Make us your home page

Today’s top headlines delivered to you daily.

(View our Privacy Policy)

For some middle school kids, sports lead to growth

The whole idea of school finally seems to make sense to my youngest son.

There's a payoff now, a reason to work on his math, science and punctuation. The results have been almost miraculous, really. Suddenly, as a seventh-grader, most of his sentences actually begin with capital letters and end with periods.

All because he made the tennis team at Challenger K-8 School of Science and Mathematics.

Okay, his excellent teachers deserve some credit — and the fact that they've made sure to tell us when we needed to crack the whip at home.

But the biggest change in his work and behavior came after he made the team, earned the right to play in every match and got some encouragement from his coach. It probably helped that Challenger slaughtered every other school.

(Amazing, isn't it, that the school with the highest concentration of middle-class kids dominates in tennis?)

It's not bribery that has kept him in line, though, yes, we've reminded him a few times that he can't play unless he keeps his grades up.

It's what sports do to that breed of kid who lives for them and not much else. Some of his false confidence — the chest-beating kind — has been replaced with the real thing. And all of those dismal academics periods are a lot more bearable for him when they lead up to a practice at the end of the day or, even better, a match.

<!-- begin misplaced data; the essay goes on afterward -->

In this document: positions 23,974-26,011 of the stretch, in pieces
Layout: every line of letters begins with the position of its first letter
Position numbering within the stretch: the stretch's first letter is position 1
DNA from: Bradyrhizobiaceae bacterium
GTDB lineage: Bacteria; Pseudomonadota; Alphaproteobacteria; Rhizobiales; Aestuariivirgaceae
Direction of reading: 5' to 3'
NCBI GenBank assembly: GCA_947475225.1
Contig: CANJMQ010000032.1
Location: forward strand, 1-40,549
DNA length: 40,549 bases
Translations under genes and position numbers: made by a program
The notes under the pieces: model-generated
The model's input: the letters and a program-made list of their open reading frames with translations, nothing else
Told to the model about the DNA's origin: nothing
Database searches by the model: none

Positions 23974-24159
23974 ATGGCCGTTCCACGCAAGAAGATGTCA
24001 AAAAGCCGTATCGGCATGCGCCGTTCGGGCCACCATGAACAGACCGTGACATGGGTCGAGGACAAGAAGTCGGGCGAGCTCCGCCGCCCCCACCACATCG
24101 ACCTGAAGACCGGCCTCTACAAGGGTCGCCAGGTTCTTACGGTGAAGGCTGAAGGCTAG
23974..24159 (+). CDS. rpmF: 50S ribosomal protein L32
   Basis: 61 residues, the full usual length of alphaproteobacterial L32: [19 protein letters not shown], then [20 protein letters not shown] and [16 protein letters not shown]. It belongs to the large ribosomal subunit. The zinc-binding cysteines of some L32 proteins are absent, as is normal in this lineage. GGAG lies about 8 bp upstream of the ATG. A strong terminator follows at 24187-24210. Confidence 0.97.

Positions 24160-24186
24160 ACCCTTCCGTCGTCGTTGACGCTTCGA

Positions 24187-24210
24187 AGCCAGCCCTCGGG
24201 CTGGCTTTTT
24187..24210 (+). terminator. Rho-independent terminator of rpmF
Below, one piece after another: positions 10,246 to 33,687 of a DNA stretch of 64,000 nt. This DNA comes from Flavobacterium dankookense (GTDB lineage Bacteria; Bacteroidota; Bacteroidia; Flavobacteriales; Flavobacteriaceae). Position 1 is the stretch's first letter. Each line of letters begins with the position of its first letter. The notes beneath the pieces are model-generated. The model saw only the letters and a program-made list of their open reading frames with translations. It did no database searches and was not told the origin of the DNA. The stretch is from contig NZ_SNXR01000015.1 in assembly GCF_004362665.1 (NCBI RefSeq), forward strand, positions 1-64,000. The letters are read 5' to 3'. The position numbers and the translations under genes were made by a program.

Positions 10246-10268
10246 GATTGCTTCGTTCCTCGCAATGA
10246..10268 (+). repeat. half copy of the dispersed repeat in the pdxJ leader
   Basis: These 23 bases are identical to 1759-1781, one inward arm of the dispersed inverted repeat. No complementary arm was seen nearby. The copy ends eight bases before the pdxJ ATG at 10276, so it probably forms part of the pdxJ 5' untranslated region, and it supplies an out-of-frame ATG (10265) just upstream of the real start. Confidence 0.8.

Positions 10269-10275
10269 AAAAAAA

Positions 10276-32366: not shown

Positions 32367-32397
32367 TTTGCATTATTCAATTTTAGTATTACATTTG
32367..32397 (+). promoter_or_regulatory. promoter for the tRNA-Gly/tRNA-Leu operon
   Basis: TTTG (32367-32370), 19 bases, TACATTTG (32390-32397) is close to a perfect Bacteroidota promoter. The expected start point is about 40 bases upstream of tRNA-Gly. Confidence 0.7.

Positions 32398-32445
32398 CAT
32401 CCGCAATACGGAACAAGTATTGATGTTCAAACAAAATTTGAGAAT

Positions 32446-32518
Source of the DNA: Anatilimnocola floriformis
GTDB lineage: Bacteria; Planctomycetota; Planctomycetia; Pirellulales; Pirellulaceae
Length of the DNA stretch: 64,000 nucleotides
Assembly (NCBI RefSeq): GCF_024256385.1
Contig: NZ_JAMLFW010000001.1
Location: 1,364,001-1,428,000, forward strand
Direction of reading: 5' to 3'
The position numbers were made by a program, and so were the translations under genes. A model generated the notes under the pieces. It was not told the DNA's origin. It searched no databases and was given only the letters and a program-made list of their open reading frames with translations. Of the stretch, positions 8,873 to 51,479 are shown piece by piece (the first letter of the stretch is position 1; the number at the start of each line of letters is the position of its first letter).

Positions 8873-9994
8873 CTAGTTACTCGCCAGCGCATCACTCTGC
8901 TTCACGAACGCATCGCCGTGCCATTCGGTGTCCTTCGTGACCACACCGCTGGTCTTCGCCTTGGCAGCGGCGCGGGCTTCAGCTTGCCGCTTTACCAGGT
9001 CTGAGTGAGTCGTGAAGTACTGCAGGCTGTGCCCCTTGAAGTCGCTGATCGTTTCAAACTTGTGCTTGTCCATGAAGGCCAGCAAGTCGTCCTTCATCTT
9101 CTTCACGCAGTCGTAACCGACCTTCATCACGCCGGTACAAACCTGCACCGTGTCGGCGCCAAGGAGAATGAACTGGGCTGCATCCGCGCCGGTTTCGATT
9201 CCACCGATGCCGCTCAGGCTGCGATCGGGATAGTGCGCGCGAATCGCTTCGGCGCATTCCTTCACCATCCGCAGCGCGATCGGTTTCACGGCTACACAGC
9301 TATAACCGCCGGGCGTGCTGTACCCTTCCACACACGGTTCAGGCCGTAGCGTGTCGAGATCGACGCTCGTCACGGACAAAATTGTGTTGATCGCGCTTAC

Though I wouldn't know firsthand, I imagine it's the same for children who love music or art. Sure, some extracurricular stars — athletes especially — get arrogant and complacent. But, generally, happier kids are better kids. Give them a chance to excel at what they love and they grow in other ways, too.

Which is why I'm glad the Hernando School Board wants to keep middle school sports.

The district seems to be heading toward a program similar to Pasco's, where middle school athletes are charged $45 for the first sport, $30 for the second, with a cap of $75 per student and $120 per family each school year. Schools must raise money for students who can't afford to pay, said David Schoelles, Hernando's curriculum supervisor for middle schools.

It's certainly fair to ask parents to chip in. And the cost won't be an obstacle for our son or, probably, most other Challenger students, only 27 percent of whom were eligible for free or reduced-price lunches last year. But at Fox Chapel Middle School, for example, that figure is 68 percent. There will be more athletes who need financial help, and fewer parents who can afford to buy candy bars or whatever else the school sells to raise money.

We've already got a divide between haves and have-nots in this district. So, this is one thing we've got to watch out for — that pay-to-play doesn't make the gap even wider.

Remember, also, that middle schools have already cut electives and extracurricular activities, shifting resources to satisfy requirements for smaller class sizes and remedial instruction.